Top Secrets You’ll Learn When You Move to Sweden
Top Secrets You’ll Learn When You Move to Sweden
1. It’s Hard to Speak Swedish Sometimes
This is probably less of a secret, but like all the Scandinavian countries, Swedes are seriously good at English. Around 84% of Swedes speak English, and they’re not afraid of practicing either. So do not be surprised that your feeble attempt at Swedish (let’s face it, this language isn’t easy) is met with a confident English reply. This does not mean you do not need to learn the language though, as it is the key to understanding the culture and nuances of society. Luckily for you, InterNations has several language exchange groups across Sweden’s major cities, where you can meet with other expats and natives and practice your Swedish in exchange for another language you speak. You’ll be understanding those IKEA names in no time.
2. Learn to Love Systembolaget
The state-owned alcohol shop Systembolaget has a total monopoly on the sector. It really is the only place to buy alcohol over 3.5% in the country. They are (predictably) quite expensive, and close early on Saturdays, which requires some planning if you are invited to a dinner party or just want to enjoy a drink on the weekend! You’ll know that you’ve properly assimilated to life in Sweden when you call Systembolaget “cheap” and make your alcohol purchases early.
3. Learn to Love Eurovision
When Swedes are not buying expensive state-sold alcohol they’re undoubtedly watching Eurovision. Before you start screaming at the computer, we know that the actual grand final is only one for one night, but in Sweden the competition lasts for the entire year. It should come as no surprise that the second most successful country in Eurovision takes the selection of its representation seriously (you may recall a certain ABBA whose career was kickstarted by Eurovision). The SVT (Swedish Television) runs a sort of talent show format where the public can vote for their favorite acts by phone. It’s a national event, with an average of four million viewers tuning in for the semifinals — that’s half of the population.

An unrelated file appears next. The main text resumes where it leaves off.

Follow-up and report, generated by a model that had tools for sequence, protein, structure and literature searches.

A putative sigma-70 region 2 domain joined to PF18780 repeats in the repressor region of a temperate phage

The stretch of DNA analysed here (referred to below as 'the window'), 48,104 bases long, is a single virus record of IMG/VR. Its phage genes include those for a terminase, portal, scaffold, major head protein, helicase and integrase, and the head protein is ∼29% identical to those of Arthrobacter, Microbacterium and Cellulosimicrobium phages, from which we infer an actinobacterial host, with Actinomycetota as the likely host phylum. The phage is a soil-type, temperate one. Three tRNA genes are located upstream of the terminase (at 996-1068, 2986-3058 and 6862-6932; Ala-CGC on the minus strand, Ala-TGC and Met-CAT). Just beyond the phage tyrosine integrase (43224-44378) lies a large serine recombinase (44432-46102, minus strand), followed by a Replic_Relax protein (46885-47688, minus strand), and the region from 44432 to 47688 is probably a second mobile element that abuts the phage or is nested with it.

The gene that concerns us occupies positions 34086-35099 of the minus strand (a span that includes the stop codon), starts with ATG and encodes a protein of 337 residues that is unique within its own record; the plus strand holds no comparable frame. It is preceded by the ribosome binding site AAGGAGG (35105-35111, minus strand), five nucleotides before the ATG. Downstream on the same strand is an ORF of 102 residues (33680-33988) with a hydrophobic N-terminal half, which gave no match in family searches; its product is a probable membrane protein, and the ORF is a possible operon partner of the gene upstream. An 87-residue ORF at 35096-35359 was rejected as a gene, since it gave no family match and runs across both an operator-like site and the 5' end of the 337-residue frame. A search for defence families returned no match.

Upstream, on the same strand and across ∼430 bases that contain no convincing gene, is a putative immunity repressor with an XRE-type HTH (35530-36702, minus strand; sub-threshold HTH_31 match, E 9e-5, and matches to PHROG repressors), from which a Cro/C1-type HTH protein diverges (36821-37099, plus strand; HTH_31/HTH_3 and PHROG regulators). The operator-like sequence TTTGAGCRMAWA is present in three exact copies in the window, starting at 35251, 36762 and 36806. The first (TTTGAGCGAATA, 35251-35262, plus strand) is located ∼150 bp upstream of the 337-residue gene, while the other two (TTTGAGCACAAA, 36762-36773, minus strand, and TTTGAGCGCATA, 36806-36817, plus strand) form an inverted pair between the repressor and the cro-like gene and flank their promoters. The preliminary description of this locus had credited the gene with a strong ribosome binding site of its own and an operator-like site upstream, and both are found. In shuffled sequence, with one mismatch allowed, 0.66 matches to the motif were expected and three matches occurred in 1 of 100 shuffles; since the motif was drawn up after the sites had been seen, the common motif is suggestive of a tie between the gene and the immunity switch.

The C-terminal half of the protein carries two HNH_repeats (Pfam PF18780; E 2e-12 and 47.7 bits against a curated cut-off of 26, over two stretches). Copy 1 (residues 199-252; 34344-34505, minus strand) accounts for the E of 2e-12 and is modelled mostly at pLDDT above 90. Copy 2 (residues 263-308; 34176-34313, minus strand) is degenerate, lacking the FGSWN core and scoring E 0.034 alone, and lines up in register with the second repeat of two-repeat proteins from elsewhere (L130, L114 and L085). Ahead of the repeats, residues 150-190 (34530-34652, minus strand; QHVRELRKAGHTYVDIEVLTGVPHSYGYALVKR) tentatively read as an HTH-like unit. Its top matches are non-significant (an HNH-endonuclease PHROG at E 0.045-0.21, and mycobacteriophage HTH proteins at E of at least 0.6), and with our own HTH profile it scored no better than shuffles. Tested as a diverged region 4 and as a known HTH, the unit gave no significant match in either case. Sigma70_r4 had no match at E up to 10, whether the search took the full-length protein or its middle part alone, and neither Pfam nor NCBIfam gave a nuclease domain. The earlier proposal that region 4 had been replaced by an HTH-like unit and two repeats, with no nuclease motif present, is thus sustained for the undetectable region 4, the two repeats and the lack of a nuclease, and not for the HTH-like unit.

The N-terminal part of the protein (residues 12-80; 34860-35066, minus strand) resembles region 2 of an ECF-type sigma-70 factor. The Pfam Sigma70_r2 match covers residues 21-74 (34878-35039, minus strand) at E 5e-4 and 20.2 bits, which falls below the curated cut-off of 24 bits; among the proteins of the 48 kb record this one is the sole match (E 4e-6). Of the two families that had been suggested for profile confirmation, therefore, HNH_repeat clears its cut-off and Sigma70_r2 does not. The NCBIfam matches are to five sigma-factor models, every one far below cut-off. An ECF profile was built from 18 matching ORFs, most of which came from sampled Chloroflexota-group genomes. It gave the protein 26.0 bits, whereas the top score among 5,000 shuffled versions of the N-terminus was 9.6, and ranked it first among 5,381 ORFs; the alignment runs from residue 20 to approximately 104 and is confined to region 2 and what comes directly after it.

4. Be on Time!
Social etiquette dictates that if your host states a starting time of 20:00, you should be getting there from 20:15 or so (or later, depending on where you’re from). Not in Sweden! 20:05 is late, and not acceptable. Scandinavia (like much of northern Europe) takes appointments seriously: being late to a friend’s party may be greeted with funny looks, but being late for a business meeting is just not tolerated in the same way that it might be in Spain or Italy. Be organized and be on time!
5. London Rules Apply
Londoners are frequently voted among the friendliest people in the world, but anyone who’s been there knows they don’t show it. You’ll find this is similar in Sweden, and the ban on eye contact on public transport applies here too. Swedes are quite a reserved bunch and will not take kindly to conversation with strangers. This doesn’t mean they’re rude, it’s just a different way of life to other parts of the world. In fact, once you get to know Swedish people they are often the most welcoming of friends.
6. Fika Is Compulsory